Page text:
A good quote from Theodore Dalrymple on political correctness:
“In my study of communist societies, I came to the conclusion that the purpose of communist propaganda was not to persuade or convince, not to inform, but to humiliate; and therefore, the less it corresponded to reality the better. When people are forced to remain silent when they are being told the most obvious lies, or even worse when they are forced to repeat the lies themselves, they lose once and for all their sense of probity. To assent to obvious lies is...in some small way to become evil oneself. One's standing to resist anything is thus eroded, and even destroyed. A society of emasculated liars is easy to control. I think if you examine political correctness, it has the same effect and is intended to.”
In the past, conservatives lashed out against political correctness. Recently right-wing tactics have changed. We have taken to calling left-wing opponents racist whenever they have mis-stepped in the increasingly hazardous minefield of racial politics, basically applying Alinsky’s Rule #4:
The fourth rule is: Make the enemy live up to their own book of rules. You can kill them with this, for they can no more obey their own rules than the Christian church can live up to Christianity.”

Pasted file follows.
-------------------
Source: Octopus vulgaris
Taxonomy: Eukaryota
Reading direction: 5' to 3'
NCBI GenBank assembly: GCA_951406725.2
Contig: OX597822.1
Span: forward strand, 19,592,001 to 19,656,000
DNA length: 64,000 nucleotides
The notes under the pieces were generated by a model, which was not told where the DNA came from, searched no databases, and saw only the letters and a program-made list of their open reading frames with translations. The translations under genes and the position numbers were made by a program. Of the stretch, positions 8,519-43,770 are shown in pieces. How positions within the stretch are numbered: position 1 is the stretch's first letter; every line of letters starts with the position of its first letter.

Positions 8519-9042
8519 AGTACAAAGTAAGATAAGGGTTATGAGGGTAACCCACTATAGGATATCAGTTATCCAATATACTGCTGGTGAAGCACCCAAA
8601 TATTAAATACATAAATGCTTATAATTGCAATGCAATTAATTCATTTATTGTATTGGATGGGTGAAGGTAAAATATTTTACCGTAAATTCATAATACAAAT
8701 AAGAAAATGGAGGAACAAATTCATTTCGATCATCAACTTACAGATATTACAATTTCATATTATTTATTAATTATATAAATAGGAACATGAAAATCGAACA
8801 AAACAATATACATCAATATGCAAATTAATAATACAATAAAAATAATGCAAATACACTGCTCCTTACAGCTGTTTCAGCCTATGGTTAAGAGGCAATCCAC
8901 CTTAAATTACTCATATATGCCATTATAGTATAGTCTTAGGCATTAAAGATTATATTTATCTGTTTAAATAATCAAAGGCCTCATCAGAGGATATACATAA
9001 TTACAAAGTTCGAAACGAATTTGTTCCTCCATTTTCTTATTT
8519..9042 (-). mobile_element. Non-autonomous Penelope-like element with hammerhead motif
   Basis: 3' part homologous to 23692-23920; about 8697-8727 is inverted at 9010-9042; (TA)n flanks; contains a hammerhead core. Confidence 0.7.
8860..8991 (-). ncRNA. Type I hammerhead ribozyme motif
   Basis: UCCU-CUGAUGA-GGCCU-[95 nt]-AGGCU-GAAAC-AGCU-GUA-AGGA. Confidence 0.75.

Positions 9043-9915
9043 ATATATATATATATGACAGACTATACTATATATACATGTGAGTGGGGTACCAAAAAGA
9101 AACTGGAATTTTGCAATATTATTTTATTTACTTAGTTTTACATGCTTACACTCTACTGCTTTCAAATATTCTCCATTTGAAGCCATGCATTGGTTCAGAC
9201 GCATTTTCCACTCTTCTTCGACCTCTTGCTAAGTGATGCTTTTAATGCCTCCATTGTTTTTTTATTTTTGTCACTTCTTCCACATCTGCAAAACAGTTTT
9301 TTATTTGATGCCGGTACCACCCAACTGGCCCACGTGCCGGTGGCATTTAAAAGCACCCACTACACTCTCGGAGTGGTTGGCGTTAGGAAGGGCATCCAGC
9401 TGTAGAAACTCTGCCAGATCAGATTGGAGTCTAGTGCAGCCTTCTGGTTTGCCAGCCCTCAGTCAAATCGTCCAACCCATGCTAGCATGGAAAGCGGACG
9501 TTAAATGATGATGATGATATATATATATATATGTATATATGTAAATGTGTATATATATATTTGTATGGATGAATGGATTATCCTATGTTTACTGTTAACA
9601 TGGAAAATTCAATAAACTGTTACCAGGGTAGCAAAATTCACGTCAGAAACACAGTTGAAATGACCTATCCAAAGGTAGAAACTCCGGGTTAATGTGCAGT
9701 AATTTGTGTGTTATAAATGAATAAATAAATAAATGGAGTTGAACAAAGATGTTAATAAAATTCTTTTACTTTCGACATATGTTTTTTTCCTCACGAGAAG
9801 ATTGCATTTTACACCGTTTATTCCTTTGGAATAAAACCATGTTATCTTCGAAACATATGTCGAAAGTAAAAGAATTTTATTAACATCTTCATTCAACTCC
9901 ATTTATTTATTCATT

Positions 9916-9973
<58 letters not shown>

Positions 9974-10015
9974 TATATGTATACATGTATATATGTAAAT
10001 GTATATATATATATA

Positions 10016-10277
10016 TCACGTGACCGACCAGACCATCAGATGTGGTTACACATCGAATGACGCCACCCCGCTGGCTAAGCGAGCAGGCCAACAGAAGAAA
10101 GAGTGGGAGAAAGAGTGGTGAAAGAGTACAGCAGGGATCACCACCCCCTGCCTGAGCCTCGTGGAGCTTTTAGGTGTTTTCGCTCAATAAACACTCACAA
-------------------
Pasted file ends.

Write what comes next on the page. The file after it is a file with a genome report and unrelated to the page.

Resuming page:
On the face of it, this is a good tactic. Watching liberals hoisted up on their own petard is good, clean fun. Bad rules don’t change if there is a large interest group who doesn’t feel their pain.
Still, there is a great danger in this tactic, the danger that conservatives get comfortable with the PC truncheon. Instead of,
“[Liberal X] is a racist because he said [phrase that can be interpreted by paranoid PC antiracist hunters to sort-of mean something racist],”
“What [liberal X] said is not racist. In the past several decades we have allowed the rule of Political Correctness to twist innocent comments into career-ending outbursts of racism. [Liberal X] is not a member of the KKK and he is not a National Socialist [notice I said National Socialist, not Nazi]. Therefore he is not a racist. I think it is time to give people the benefit of the doubt, and also to begin respecting freedom of speech again.”
Isn’t this line better? It is at the same time both more overtly high-minded, in that you are rallying to the defence of your opponent, while being more subversive, in that you are directly attacking the principles of the PC-head.
And you still get too see liberal X twist in the wind as he tries to simultaneously explain how a) he is not racist, and b) there is nothing wrong with today’s PC-based anti-racism standards.